The Elements Of Literature In Only Fifty Words
July 12, 2011
Most readers occasionally fantasize about becoming writers themselves, only to drop the notion once confronted with a blank sheet of paper or flashing computer cursor. Writing fiction seems especially daunting. After all, it seems like you have to make it ALL up from scratch. Actually, you don’t have to make it all up. You can use the elements of literature like building blocks to create your own story.
To illustrate these elements, I will select an iconic piece of fiction: world-famous author Theodore Geisel's critically-acclaimed, best-selling story of an epic struggle between two strong-willed individuals. I am referring, of course, to "Green Eggs and Ham." This book contains everything you need to know about writing fiction. Geisel, better known as Dr. Seuss, does this using just fifty individual words, only one of which (anywhere) has more than one syllable! Through this book, we can see that when the elements are used properly, even the simplest story composed of the simplest vocabulary can be compelling.
First, we need some characters. We are introduced to Sam-I-Am first. We can infer from Sam-I-Am's entrance, riding in standing on the back of an animal, that he is a free spirit. In contrast, the nameless protagonist is introduced as a stolid character, content to sit and read his newspaper. The protagonist informs us via exposition that he does not like Sam-I-Am. Sam-I-Am is his antagonist. The stage is set.
Now that we have characters, we need a plot. Sam-I-Am asks the protagonist if he likes green eggs and ham. The protagonist informs Sam-I-Am that he does not like green eggs and ham. We now have a conflict between the characters that will drive the plot. Sam-I-Am complicates the plot by repeatedly asking the protagonist if he would like green eggs and ham in a series of increasingly far-fetched scenarios. The protagonist remains steadfast in his dislike of green eggs and ham. But Sam-I-Am will not take no for an answer!
Pushed to the breaking point by Sam-I-Am’s hard sell, the protagonist breaks down and agrees to try green eggs and ham if Sam-I-Am will promise to leave him alone. The plot has reached its climax. The action pauses here for a moment. Then, to our surprise, the protagonist finds that he actually LIKES green eggs and ham. We find that the protagonist is a dynamic (round) character rather than the static (flat) character we believed him to be at the beginning of the story. The conflict has come to an end in this resolution. In the denouement, the protagonist agrees that he would like green eggs and ham in all of the situations that Sam-I-Am presented. Even more, far from disliking Sam-I-Am, the protagonist thanks Sam-I-Am profusely for introducing him to the joys of green eggs and ham.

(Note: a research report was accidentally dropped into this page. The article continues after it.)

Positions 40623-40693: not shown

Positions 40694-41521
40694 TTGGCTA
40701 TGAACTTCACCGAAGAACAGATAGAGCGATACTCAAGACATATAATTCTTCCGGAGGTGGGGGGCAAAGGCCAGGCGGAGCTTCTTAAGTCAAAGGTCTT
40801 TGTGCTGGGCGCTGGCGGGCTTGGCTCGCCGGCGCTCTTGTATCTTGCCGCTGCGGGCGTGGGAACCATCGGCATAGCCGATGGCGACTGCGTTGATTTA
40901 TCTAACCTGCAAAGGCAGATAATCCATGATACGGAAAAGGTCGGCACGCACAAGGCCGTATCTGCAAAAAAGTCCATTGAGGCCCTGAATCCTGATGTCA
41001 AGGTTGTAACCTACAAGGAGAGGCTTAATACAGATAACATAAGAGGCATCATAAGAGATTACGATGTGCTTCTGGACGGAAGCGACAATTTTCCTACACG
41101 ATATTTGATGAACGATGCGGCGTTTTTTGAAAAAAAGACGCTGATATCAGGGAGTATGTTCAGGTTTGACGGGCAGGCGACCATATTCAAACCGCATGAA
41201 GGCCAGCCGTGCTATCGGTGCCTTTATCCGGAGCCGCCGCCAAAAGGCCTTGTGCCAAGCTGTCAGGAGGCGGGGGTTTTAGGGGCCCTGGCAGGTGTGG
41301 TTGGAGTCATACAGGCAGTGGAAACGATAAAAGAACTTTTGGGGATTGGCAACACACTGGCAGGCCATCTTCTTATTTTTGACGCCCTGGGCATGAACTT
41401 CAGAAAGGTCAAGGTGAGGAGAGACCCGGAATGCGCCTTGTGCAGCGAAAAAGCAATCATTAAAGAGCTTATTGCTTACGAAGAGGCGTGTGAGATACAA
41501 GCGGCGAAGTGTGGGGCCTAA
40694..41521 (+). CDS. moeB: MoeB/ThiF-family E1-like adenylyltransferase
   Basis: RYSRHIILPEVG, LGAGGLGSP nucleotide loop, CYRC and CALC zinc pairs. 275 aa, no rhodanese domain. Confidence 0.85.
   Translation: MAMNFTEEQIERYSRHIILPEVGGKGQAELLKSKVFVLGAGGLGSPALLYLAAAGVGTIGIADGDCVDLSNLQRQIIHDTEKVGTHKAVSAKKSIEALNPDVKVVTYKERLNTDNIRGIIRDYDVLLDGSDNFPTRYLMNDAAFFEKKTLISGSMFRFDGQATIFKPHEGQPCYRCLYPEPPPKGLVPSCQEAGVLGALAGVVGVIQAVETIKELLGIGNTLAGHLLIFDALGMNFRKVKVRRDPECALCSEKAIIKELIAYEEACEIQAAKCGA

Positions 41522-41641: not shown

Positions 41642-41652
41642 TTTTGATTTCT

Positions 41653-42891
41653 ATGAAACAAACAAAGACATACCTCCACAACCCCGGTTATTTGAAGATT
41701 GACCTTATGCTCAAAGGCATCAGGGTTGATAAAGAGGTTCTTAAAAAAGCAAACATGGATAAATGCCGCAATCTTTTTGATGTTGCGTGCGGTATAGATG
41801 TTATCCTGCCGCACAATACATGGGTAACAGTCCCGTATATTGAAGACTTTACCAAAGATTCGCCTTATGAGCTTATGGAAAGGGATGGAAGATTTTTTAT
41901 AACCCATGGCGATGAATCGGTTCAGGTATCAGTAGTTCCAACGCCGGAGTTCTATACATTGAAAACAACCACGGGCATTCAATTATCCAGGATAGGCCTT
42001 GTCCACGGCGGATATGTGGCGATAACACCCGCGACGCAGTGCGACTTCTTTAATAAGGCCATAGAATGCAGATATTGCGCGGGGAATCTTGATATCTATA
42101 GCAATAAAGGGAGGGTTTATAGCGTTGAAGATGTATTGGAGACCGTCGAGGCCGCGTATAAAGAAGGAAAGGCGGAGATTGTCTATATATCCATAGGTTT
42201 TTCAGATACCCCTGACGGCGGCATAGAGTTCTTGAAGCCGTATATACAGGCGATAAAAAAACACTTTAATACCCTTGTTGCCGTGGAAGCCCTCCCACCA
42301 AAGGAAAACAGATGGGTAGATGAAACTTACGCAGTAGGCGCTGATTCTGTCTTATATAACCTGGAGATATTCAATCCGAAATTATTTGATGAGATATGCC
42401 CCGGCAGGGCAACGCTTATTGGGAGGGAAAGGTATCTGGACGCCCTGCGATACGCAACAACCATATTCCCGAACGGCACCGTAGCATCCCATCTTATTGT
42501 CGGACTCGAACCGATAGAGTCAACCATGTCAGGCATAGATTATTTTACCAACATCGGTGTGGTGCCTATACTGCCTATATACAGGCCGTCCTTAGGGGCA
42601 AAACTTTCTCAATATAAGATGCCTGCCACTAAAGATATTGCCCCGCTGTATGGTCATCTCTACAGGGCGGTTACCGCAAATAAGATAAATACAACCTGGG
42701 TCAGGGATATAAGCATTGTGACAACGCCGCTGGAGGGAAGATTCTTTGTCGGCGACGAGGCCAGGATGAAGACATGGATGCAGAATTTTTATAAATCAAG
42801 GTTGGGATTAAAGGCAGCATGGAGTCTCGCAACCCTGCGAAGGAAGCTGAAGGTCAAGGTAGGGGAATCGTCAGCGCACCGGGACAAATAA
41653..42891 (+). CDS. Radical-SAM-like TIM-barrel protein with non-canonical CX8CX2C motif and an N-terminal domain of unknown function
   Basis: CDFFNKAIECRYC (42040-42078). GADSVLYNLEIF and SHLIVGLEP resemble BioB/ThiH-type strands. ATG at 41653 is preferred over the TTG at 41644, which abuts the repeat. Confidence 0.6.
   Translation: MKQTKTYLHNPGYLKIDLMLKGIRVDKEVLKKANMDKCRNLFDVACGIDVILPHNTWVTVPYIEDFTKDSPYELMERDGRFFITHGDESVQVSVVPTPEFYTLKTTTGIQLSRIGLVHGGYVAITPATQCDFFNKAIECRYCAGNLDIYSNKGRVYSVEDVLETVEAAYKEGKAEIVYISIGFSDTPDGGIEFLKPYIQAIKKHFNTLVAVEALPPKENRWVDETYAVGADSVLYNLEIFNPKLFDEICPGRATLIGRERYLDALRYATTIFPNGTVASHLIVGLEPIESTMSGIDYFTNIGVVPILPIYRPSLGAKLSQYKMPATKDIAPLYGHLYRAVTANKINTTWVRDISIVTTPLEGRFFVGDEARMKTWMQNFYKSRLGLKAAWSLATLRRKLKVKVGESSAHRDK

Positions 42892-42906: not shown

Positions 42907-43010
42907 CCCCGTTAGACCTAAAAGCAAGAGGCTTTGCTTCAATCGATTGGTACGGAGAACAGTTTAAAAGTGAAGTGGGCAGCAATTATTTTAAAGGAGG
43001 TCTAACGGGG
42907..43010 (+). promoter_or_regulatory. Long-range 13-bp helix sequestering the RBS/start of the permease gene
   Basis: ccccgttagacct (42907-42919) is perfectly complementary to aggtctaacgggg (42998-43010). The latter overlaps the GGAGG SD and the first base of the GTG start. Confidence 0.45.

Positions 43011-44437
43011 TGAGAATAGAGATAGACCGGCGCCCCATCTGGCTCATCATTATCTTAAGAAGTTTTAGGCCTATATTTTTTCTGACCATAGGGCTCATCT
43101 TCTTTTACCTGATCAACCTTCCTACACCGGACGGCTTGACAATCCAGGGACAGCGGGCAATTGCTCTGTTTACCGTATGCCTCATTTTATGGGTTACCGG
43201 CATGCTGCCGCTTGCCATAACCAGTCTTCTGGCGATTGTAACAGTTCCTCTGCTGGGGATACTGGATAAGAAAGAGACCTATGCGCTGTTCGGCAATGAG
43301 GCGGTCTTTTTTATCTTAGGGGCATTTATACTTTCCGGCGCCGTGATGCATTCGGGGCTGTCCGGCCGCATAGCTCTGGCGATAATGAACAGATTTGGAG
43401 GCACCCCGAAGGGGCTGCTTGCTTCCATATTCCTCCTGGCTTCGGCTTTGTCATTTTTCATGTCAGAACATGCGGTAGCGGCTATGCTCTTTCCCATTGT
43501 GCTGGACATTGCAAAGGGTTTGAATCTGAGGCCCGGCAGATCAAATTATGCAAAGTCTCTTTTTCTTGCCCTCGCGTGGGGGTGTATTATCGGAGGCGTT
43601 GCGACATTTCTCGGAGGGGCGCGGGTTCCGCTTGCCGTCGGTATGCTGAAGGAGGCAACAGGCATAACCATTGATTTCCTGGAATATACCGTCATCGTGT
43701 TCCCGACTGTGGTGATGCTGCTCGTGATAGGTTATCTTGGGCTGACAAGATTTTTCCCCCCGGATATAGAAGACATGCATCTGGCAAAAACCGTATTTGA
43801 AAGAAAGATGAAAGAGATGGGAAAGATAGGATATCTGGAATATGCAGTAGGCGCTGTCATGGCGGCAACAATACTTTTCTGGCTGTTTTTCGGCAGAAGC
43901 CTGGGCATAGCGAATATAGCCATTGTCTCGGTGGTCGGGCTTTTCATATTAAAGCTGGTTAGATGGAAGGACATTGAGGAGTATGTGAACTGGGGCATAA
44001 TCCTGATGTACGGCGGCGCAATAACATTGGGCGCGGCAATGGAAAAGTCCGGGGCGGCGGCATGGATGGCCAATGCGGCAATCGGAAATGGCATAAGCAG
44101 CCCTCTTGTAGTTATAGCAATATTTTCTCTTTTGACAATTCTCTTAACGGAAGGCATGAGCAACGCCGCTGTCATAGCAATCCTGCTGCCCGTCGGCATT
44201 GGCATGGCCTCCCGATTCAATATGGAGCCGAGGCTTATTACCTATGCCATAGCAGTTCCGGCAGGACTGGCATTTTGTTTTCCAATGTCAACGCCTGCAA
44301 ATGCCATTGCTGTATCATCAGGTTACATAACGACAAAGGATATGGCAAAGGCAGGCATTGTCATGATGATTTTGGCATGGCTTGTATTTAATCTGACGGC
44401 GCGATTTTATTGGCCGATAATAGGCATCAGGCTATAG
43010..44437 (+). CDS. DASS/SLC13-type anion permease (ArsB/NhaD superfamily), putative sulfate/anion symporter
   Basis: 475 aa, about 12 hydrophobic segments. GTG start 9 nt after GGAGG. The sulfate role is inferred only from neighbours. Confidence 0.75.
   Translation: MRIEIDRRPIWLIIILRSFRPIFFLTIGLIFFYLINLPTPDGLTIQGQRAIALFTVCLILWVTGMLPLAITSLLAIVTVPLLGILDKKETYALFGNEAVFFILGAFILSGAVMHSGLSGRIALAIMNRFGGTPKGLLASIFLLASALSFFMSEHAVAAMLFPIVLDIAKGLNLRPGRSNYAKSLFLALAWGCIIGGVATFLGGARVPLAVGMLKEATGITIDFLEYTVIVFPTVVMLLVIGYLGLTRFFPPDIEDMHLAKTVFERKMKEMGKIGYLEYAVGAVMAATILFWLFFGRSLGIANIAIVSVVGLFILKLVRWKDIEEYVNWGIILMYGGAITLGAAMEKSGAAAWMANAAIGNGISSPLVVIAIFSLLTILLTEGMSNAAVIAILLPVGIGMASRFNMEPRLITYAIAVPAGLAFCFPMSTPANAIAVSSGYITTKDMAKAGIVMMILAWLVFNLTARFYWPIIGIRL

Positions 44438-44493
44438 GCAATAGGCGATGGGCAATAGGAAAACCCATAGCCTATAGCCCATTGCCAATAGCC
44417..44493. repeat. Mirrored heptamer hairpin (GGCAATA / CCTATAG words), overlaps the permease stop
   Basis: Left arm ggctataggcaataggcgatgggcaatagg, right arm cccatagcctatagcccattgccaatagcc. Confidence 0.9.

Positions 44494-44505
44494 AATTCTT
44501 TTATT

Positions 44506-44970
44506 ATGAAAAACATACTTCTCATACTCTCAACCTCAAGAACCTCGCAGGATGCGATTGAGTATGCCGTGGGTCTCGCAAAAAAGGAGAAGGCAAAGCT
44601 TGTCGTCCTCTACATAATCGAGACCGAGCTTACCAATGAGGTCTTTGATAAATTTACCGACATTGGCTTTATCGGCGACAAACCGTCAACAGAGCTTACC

The setting plays an integral role in the story as well. When we first encounter our characters, it is in the comfortable confines of a house. Once the conflict starts, the action moves outdoors, ending up with a car on a train, on a boat, and in the ocean! It is here in the vast open ocean, far from the familiar confines of home, that the protagonist makes his fateful decision to try something new; to try green eggs and ham. The protagonist needed to break free of his usual surroundings in order to discover something new about himself.
The overall theme of the story is that people often judge things or people without having any actual experience of said things or people. Once that experience has been gained, one will find that one’s judgment was likely wrong. You may need to go way outside your comfort zone to do so, but if you try it you just might like it!